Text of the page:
Furthermore, we encouraged people to share knowledge and experience and we found that most were in fact very happy to do so. It didn’t cost anything to be friendly with our employees, show interest in what they did and take up the suggestions (very often vital) that they provided. While money is important and we did pay reasonably well, we believed that our lower than industry attrition was due as much to the friendly and supportive culture that we built.

While we sought to minimise stress and have a friendly and supportive culture, we also ensured that we maintained a professional work culture that respected client confidentiality and work deadlines. Obviously we could not have survived without focus on these two, in our line of business.

Our recruitment policy and all the instruments that we used (for all levels) was also directed ensure basic competency but more importantly the right attitude. Our belief – and we have been proven right again and again – was that with the right attitude and willingness to work hard and smart, training would do the trick – which it did.

Staff retention

Our retention strategy was based on a friendly and supportive culture, but with all the basics well taken care of. So while we offered competitive salaries and excellent facilities for a company our size, we differentiated ourselves through our ‘family’ oriented work culture, regular job enrichment, performance based career progression and the possibility of a lot of learning and a lot of fun.

Two other areas we focused on were openness and cost consciousness. Employees could walk into our room after informing their immediate superior and our regular meetings with randomly picked employees, breakfasts and lunches with employees all contributed to the culture of friendliness and openness. When the top management itself exhibits such behaviour it becomes a norm down the organisation.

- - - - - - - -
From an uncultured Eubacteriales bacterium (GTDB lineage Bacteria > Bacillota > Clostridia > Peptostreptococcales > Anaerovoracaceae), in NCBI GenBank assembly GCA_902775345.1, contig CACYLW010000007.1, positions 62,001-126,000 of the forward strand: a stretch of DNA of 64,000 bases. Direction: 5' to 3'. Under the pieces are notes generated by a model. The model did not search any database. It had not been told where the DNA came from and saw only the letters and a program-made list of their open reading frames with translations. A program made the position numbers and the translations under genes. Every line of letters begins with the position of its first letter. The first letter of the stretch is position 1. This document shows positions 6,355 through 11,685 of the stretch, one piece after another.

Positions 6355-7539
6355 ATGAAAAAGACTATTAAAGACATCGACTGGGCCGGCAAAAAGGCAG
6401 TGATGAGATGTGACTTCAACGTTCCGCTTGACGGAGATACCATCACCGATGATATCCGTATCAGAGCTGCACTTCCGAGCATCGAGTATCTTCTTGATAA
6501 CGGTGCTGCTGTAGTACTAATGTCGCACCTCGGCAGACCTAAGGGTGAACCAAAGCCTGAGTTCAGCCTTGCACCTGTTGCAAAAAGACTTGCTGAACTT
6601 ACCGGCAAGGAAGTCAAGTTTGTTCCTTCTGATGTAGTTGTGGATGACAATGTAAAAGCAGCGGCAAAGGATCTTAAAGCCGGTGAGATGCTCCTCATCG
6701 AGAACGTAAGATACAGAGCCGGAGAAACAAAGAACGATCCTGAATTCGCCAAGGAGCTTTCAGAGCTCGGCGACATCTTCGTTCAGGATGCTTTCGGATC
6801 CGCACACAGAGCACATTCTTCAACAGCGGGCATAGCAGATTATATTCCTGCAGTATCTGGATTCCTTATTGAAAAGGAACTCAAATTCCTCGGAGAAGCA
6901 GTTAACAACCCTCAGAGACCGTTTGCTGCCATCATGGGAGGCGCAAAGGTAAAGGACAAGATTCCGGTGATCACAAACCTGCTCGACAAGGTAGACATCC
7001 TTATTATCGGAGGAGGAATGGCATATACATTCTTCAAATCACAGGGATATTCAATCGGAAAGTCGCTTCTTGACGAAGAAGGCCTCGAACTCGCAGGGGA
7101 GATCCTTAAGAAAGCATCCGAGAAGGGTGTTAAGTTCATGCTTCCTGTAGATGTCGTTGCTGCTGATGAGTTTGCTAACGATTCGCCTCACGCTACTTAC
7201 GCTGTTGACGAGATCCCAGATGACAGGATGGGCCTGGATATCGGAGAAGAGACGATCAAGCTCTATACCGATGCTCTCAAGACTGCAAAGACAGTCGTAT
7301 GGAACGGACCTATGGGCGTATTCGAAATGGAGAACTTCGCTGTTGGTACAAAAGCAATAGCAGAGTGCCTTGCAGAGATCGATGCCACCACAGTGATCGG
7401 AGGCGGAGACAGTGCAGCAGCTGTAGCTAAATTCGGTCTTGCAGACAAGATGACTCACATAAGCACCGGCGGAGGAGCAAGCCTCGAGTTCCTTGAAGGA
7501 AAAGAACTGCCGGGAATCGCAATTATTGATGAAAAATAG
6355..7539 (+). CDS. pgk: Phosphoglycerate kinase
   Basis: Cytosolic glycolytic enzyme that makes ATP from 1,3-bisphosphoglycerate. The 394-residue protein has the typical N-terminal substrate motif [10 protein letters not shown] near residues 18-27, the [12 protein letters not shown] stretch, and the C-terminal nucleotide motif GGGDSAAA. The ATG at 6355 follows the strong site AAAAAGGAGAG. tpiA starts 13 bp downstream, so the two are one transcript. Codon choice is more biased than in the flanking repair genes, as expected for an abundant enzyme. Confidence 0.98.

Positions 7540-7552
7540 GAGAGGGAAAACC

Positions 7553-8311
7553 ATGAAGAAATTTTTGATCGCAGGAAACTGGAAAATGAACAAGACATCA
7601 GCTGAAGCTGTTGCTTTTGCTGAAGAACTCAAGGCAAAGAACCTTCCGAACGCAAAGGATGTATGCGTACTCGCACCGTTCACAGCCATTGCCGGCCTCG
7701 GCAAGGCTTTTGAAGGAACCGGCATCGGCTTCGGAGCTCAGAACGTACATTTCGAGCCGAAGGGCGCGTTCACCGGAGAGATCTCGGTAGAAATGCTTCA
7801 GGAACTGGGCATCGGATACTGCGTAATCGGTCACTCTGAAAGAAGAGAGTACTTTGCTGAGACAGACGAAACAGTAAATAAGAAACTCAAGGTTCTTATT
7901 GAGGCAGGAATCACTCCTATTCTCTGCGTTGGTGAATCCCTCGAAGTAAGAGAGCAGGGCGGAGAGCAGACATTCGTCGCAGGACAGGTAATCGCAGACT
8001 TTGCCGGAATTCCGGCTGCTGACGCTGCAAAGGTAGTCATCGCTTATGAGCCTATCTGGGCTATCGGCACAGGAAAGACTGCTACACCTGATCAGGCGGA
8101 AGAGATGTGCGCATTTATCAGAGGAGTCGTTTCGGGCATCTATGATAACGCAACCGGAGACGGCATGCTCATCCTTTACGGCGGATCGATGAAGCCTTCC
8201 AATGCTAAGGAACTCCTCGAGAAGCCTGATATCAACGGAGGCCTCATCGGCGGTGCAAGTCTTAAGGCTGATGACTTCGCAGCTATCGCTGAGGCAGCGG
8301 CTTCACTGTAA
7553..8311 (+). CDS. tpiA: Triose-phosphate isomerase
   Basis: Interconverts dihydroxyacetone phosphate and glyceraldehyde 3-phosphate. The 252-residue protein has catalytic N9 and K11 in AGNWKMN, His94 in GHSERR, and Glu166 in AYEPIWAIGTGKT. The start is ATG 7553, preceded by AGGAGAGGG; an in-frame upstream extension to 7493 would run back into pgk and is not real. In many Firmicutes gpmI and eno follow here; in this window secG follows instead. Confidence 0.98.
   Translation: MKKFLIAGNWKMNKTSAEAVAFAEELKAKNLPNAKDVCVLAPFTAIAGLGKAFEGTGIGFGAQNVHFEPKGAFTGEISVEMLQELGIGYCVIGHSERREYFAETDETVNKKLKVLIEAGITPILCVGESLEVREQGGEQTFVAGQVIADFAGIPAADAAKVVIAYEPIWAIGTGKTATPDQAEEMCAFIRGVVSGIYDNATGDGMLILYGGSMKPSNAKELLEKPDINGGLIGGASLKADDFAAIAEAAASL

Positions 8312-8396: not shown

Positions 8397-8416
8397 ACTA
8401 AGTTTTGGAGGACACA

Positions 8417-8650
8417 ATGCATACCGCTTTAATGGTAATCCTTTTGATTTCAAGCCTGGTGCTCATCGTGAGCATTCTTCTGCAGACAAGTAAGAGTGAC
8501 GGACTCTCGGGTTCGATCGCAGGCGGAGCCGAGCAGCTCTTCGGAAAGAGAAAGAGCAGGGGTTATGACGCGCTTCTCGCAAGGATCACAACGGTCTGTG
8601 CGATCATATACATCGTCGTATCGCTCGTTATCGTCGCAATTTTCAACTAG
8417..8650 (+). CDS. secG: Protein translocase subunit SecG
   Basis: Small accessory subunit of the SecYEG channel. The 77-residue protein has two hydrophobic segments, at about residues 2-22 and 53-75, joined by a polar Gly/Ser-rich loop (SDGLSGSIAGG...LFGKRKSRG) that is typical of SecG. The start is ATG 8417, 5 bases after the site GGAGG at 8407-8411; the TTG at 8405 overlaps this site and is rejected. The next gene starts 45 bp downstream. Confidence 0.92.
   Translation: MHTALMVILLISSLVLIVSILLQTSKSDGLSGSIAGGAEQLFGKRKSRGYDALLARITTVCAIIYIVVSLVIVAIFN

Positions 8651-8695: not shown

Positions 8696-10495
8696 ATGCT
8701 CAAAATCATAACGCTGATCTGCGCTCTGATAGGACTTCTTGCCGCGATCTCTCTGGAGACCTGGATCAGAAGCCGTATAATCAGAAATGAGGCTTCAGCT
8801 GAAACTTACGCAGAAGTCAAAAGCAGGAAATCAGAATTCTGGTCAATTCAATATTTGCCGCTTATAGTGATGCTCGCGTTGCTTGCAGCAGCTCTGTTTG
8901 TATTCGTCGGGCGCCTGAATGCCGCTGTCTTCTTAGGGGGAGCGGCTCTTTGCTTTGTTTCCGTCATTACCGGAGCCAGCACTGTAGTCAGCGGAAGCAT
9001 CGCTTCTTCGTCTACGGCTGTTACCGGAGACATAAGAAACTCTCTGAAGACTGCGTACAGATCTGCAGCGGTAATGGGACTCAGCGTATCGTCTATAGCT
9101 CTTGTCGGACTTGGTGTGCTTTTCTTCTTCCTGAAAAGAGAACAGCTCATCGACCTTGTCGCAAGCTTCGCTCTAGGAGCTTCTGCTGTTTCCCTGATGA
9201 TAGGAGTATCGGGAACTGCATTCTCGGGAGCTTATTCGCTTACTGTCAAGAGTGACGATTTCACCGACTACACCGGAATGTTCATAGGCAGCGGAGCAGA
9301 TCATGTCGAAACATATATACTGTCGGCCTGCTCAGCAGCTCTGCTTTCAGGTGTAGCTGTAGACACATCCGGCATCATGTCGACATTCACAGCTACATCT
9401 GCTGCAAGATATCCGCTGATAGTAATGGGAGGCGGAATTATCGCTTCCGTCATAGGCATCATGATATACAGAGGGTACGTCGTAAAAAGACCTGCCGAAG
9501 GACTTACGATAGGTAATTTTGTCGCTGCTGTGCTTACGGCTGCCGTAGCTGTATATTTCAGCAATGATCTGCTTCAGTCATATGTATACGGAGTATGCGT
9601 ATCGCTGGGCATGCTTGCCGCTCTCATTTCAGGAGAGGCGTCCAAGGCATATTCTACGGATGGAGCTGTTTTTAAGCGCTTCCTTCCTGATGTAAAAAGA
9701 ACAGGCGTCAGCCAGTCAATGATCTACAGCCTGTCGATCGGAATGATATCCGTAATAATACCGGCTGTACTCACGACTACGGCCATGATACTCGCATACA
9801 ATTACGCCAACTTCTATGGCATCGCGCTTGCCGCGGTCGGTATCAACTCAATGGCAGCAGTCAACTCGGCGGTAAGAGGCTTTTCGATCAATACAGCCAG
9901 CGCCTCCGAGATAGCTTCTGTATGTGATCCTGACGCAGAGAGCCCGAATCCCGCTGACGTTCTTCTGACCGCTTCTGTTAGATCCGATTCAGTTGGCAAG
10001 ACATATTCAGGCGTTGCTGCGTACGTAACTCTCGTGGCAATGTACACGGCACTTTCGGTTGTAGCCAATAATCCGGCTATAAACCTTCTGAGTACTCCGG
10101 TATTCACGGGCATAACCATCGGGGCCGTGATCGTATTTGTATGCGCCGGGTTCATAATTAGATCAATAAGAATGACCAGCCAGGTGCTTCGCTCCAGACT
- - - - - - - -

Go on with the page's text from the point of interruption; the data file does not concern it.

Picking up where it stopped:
To keep costs down one needs the will to do so and build it as an integral part of the organisation culture; this again flows from the top. Once there is a culture in the organisation along with some effective systems and processes to support this behaviour, it becomes a habit. For instance, we made it a practice to switch off the lights and the AC ourselves once a meeting was over. This obviously became the norm throughout the organisation. On the other hand, I have seen executives in a start-up company travelling to Mumbai on the same flight and then taking separate taxis to their office close by in Vile Parle, in cabs hired from Colaba. Yes, of course the company was well funded but for a company that had not yet made profits, this was extravagance. While the company may have got a great valuation because it was the flavour of the day or for other reasons, it is not a sustainable model. The company learnt the lesson but at a cost.

Knowledge business

In a knowledge business the culture of openness, learning and sharing/supporting are key to success and this we encouraged and supported.

It is a matter of pride for us that many who have left the organisation have told us that the working environment at Scope was something unique and wonderful. This helped with reducing the attrition rates especially with women for whom the working environment mattered a lot more. This also helped us in ensuring that employees throughout the organisation, as a matter of course helped in keeping a tight leash on costs, ensuring client satisfaction 100 per cent, supporting each other, and coming out with innovative ideas without inhibitions – all essential components of our strategy.

This is why culture is often described as the cornerstone of an effective strategy.